Bush proposes global goals for cutting greenhouse gases

The Baltimore Sun

WASHINGTON -- President Bush, who has long refused to commit the United States to specific limits on pollutants contributing to global warming, took a new turn yesterday in proposing that the U.S. and other leading nations set, by the end of next year, "a long-term global goal for reducing greenhouse gases."

That is what the president will propose to a summit for leaders of the Group of Eight major industrial nations in Germany next week, along with an appeal to match the U.S. in a drastic increase in funding to fight AIDS in Africa and in a promotion of freer international trade.

But with its lack of specifics, the president's plan for addressing climate change falls far short of what leaders of Germany and other nations hoped to deliver at the G-8 summit in the Baltic Sea resort of Heiligendamm, especially German Chancellor Angela Merkel, an ardent advocate for averting global warming.

At the same time, European wariness of the continuing U.S. military involvement in Iraq - along with Russian concerns about a U.S. buildup of missile defenses in Eastern Europe - could contribute to an environment in which the American president, nearing the end of his tenure, will have difficulty mustering support for his initiatives, U.S. and European analysts say.

"The Bush administration is in a very bad situation," said Philippe Moreau Defarges, senior fellow at the Institute for International Relations in Paris. "It seems that Mr. Bush is really in a quagmire in Iraq and nobody is really ready to listen to him. ... It's too late for Mr. Bush. I think a lot of leaders are waiting for the next president."

Bush has long resisted strong action on climate change. But polls show that Americans, including some in the religious community, increasingly view it as a problem, and recent reports have found some success in limiting emissions within the U.S.

Presidential candidates of both parties are embracing plans to address global warming, and Bush might be seeking a positive platform and legacy to offset a bitter Iraq war.

Even so, his plan is relatively vague by the standards of European leaders and is likely to disappoint those who are ready to commit to specifics this year, experts say.

"The reality is that everyone knows the Bush administration has only 18 months left," said Phil Clapp, president of the Washington-based National Environmental Trust. "What Europe and Canada and the rest of the G-8 are trying to do is set up negotiations that will conclude" with Bush's successor. "So with whatever president is sitting in the White House, from whatever party, they will be starting anew."

The White House rejects the criticism, insisting that Bush is accelerating a global agreement among nations that have long been at odds. As James Connaughton, chairman of the White House Council on Environmental Quality, put it, "Let's speed up the clock, and in the 18 months, see if we can get agreement on the basic elements of this framework."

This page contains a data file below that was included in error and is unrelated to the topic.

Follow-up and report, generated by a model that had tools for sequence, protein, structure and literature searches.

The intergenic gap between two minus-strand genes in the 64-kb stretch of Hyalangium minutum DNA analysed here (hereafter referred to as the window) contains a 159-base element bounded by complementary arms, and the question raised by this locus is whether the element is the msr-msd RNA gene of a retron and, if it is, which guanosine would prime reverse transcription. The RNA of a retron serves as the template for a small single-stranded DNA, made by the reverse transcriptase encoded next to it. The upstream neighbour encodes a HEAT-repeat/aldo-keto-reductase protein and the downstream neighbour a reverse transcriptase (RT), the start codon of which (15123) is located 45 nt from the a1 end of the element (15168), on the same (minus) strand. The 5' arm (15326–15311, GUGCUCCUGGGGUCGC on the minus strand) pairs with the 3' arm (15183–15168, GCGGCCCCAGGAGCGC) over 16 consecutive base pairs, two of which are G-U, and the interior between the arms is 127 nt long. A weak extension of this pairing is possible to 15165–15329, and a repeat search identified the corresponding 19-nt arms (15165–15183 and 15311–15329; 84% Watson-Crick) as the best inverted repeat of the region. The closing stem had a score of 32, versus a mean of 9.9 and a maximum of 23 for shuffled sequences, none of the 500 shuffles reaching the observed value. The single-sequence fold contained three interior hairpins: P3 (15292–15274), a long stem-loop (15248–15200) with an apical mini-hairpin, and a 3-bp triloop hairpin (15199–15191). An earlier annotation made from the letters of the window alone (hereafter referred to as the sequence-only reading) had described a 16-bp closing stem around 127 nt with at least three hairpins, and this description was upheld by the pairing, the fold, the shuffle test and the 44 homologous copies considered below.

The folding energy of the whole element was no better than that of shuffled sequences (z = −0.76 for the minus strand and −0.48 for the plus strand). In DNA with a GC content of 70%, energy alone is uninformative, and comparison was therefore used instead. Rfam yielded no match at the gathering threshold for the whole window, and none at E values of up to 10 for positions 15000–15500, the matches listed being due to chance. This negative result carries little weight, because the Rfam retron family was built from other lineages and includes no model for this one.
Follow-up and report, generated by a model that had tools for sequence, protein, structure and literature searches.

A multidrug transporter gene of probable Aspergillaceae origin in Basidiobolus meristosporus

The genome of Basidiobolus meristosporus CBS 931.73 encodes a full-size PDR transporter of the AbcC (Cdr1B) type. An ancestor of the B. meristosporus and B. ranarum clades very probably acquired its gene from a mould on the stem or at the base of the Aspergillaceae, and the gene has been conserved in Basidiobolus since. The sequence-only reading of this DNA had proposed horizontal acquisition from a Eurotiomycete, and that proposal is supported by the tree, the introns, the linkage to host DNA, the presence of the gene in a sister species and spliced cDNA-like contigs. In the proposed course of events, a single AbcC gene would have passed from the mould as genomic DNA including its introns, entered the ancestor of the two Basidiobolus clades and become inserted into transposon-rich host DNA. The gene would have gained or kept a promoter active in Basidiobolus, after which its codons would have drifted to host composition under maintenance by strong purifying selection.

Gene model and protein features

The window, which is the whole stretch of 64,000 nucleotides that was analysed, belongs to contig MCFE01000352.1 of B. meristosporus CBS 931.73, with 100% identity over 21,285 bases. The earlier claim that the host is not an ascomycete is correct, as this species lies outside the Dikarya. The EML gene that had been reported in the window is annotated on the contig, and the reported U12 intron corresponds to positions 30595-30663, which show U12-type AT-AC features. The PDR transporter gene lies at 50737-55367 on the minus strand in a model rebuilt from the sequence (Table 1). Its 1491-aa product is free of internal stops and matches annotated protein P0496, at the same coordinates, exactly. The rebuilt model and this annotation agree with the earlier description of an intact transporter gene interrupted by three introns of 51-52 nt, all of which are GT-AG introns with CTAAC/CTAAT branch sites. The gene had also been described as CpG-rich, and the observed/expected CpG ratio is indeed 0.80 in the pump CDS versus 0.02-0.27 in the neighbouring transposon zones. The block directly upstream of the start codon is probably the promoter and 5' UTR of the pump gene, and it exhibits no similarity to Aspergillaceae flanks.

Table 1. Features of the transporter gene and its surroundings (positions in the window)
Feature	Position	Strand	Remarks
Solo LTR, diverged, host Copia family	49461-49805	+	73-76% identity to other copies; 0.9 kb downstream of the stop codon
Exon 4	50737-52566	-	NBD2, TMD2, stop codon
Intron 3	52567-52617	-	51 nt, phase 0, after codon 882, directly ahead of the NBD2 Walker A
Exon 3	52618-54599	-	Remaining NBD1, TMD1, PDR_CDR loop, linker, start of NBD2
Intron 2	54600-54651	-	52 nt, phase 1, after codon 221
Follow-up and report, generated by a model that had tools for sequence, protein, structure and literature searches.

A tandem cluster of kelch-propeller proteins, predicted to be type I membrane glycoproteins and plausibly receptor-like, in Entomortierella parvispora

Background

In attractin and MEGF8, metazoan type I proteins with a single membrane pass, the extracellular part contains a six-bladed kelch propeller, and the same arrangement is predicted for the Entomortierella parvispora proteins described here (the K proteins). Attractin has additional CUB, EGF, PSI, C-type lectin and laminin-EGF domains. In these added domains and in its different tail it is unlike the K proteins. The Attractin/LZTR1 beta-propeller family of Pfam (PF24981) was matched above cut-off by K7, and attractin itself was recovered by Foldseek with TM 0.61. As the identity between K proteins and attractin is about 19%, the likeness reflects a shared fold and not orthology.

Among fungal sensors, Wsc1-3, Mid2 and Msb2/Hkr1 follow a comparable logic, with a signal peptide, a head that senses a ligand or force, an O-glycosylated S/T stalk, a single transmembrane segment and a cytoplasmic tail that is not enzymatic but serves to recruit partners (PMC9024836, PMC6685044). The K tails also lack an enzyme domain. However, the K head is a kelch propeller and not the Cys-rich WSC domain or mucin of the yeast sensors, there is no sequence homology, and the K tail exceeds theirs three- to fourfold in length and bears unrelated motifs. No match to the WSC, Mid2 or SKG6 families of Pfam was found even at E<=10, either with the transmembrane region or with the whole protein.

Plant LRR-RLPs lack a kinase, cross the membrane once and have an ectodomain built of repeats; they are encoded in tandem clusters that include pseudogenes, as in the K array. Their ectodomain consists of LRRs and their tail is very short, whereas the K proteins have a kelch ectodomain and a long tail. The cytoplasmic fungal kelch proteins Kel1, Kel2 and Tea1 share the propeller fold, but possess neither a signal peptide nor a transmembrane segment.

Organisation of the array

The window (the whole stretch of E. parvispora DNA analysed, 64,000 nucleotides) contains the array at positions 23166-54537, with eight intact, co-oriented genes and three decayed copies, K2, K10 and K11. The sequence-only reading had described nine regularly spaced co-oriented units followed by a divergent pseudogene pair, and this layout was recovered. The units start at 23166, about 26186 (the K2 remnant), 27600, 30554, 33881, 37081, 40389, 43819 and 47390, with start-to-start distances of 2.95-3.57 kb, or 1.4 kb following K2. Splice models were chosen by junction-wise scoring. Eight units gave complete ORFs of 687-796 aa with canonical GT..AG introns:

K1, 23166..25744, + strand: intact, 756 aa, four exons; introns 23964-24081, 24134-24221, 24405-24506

Bush said he is ready to start negotiating an international framework on climate protection now, not only with the other G-8 nations - Germany, France, Italy, Britain, Canada, Russia and Japan - but also with fast-growing industrial powers such as China, India and Brazil. The White House proposes to invite a dozen or more nations responsible for the vast majority of greenhouse gas emissions to a series of negotiations aimed at framing global and national strategies for reaching it during the next 18 months.

"The United States takes this issue seriously," Bush said yesterday in an address at the headquarters of the U.S. Agency for International Development. Under his plan, he said, the U.S. and other nations would set a worldwide goal for reducing greenhouse gases, while each country would establish specific national goals.

Since the start of his administration, Bush has refused to let the U.S. join the Kyoto Protocol for the United Nations Convention on Climate Change. More than 150 other nations have signed a treaty requiring nations to reduce greenhouse gas emissions by an average of 5 percent by 2012. For bigger industrial nations, that involves a 15 percent cut.

Bush has rejected this as an unfair throttle on U.S. economic development, since some economic rivals such as China are not a part of the Kyoto accord. Yet the president has increasingly concluded that global warming is a problem and that people are partly responsible for it, and he has grown more receptive to negotiations.

With a goal of reaching a new agreement well before Kyoto expires in 2012, Connaughton refused to discuss target dates or specific reductions until the proposed talks get under way.

At the G-8 summit starting Wednesday, some European leaders are ready to commit to a 20 percent cut in energy consumption over 20 years and a pledge to prevent the average temperature of the Earth from increasing by more than 2 degrees Centigrade. But in talks leading to the summit, U.S. negotiators have refused to accept those numbers.

Mark Silva writes for the Chicago Tribune.

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